During this phase of experimenting, many a bead and many a tool flew around my shop, and sometimes I felt like abandoning the whole project. Finally, I came up with a taper fitting my diverse diameters and hook patterns. Fortunately, there are several companies in my area specialized in machining tiny screws for compasses. Some of them were kind enough to give my beads a try on their automatic lathes.

As my beads offered a considerable advantage to those previously available I could soon get a few customers. The next step was gold- plating the beads, and from then on we had real gold-bead nymphs that performed up to that name.

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old and new gold bead headon the left some old brass patterns dating from the last century on the right today's gold-plated version

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All of these events date back to before 1990 and thus I'm pretty sure to have been the first to market gold beads with a tapered bore, at least in German-speaking countries. Well-known and important wholesale suppliers have been faithful customers to me until today. Of course, there's always some who get lured astray by Asian prices. By the way, you can easily identify my beads by the little plane on the front side of the bead, caused by machining on the automatic lathe.

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The effect of this patterns on fish

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The success of this patterns is still extraordinary. Even anglers fishing a fly for the very first time in their lives have a hard time avoiding strikes. Anyone who has seen Roman Moser's video on caddisflies will remember the gas bubble in the thorax area of emerging caddis. So, one of the reasons for this flies success is color. The sink rate of this pattern is another reason, and this holds particularly true for the brass based version. Of course, tungsten versions can sink deeper faster, but they will not match the elegance of the drift of patterns with gold plated brass beads. Therefore, circumstances permitting, I still prefer nymphs with gold plated brass beads to tungsten versions, even when steelheading in Canada.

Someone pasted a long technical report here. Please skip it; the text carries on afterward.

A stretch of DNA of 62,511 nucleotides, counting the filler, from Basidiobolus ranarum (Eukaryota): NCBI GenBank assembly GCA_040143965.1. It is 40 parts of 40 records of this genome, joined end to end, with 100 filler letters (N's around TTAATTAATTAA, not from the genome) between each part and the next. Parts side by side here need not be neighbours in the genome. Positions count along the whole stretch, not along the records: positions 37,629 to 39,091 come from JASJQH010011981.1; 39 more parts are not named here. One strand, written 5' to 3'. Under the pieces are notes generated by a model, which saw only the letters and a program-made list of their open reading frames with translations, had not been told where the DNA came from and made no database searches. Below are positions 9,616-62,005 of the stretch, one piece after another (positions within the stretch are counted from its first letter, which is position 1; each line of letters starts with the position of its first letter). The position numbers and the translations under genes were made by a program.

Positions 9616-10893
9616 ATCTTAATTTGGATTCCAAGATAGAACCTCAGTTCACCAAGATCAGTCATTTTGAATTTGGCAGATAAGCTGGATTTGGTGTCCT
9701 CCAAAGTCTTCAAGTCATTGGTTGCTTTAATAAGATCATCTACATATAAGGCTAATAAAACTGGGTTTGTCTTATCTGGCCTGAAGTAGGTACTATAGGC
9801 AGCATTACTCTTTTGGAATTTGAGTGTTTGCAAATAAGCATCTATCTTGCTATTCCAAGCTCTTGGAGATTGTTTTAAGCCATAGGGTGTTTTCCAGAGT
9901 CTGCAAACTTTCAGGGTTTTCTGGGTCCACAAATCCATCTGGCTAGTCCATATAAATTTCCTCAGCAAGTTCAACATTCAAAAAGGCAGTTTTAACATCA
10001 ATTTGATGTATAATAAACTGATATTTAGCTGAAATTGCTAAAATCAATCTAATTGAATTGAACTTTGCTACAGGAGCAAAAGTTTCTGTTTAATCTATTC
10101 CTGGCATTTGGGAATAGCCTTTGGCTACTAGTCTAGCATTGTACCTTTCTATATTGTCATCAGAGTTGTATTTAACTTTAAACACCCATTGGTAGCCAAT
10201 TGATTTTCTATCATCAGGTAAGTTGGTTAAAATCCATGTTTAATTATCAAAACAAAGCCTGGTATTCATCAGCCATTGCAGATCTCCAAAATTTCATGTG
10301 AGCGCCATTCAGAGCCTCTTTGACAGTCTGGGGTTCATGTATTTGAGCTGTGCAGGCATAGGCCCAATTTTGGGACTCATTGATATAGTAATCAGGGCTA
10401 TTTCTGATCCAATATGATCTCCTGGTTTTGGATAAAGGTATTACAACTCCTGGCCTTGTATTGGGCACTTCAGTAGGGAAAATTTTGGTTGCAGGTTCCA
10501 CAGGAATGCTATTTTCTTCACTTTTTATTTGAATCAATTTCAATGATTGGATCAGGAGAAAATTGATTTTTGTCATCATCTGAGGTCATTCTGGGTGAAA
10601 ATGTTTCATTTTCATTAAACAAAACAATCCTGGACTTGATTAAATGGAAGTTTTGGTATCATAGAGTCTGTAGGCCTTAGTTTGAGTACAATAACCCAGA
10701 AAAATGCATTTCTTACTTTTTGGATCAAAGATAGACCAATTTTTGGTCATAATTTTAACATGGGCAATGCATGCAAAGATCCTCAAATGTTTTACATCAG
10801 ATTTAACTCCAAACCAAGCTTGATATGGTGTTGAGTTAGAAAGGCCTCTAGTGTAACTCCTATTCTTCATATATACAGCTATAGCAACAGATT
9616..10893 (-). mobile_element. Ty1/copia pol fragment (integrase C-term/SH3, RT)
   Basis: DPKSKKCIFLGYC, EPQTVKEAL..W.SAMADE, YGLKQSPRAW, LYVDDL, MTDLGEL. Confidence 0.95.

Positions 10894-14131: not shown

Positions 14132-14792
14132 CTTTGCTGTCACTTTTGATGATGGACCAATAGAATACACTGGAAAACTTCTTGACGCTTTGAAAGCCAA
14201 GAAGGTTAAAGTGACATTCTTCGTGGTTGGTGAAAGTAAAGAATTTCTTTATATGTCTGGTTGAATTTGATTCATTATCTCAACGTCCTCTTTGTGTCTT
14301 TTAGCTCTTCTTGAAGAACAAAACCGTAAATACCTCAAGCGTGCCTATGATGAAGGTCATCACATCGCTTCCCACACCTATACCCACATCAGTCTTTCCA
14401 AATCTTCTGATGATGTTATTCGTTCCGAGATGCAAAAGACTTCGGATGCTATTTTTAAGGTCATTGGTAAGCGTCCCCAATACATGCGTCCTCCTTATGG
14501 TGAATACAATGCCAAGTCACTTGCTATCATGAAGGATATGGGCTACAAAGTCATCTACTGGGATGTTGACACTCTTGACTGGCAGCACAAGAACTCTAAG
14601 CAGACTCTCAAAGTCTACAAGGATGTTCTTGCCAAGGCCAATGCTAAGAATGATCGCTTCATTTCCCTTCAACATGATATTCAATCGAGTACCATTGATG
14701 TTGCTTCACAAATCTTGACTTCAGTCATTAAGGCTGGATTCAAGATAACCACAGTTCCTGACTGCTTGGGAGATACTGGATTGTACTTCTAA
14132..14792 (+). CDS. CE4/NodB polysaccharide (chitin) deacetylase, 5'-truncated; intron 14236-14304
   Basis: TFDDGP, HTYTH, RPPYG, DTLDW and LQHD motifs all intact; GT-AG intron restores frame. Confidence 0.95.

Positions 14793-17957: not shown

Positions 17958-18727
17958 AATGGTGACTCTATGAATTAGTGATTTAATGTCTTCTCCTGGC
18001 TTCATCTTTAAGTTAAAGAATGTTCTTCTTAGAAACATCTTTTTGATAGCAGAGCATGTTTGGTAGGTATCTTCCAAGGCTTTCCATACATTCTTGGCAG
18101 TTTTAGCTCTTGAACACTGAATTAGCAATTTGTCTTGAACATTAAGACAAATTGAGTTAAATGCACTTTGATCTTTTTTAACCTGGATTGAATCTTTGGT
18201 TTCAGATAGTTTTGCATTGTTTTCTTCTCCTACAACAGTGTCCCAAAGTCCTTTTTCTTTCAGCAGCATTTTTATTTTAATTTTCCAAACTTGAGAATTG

Some years ago I have field-tested hooks with just the gold bead and a little lead wire to hold the bead in place - like the hooks with gold or nickel plated beads I offer ready to tie. The success on grayling was so overwhelming that people said grayling were addicted to gold bead nymphs. This is still true to a large extent, except for some rivers with lots of fishing pressure where fish have learned to distrust those golden beads.

These bead heads are not only good to fish, they also help with your tying. The start at the hook eye always looks immaculate, the rear end of the bead helps to perfectly align your hackle etc. etc.

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Wishing you fun and success for all your activities involving golden bead head patterns!

Yours truly,

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Wolfgang Fabisch

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Fabisch Fly Fishing english

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Fabisch fly fishing english

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Fabisch Fly Fishing home
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  • Nürnberger Str. 45
  • 90542 Eckental / Germany
  • Phone 011 49 9126 288640
  • Fax 011 49 9126 288643
  • Copyright: Wolfgang Fabisch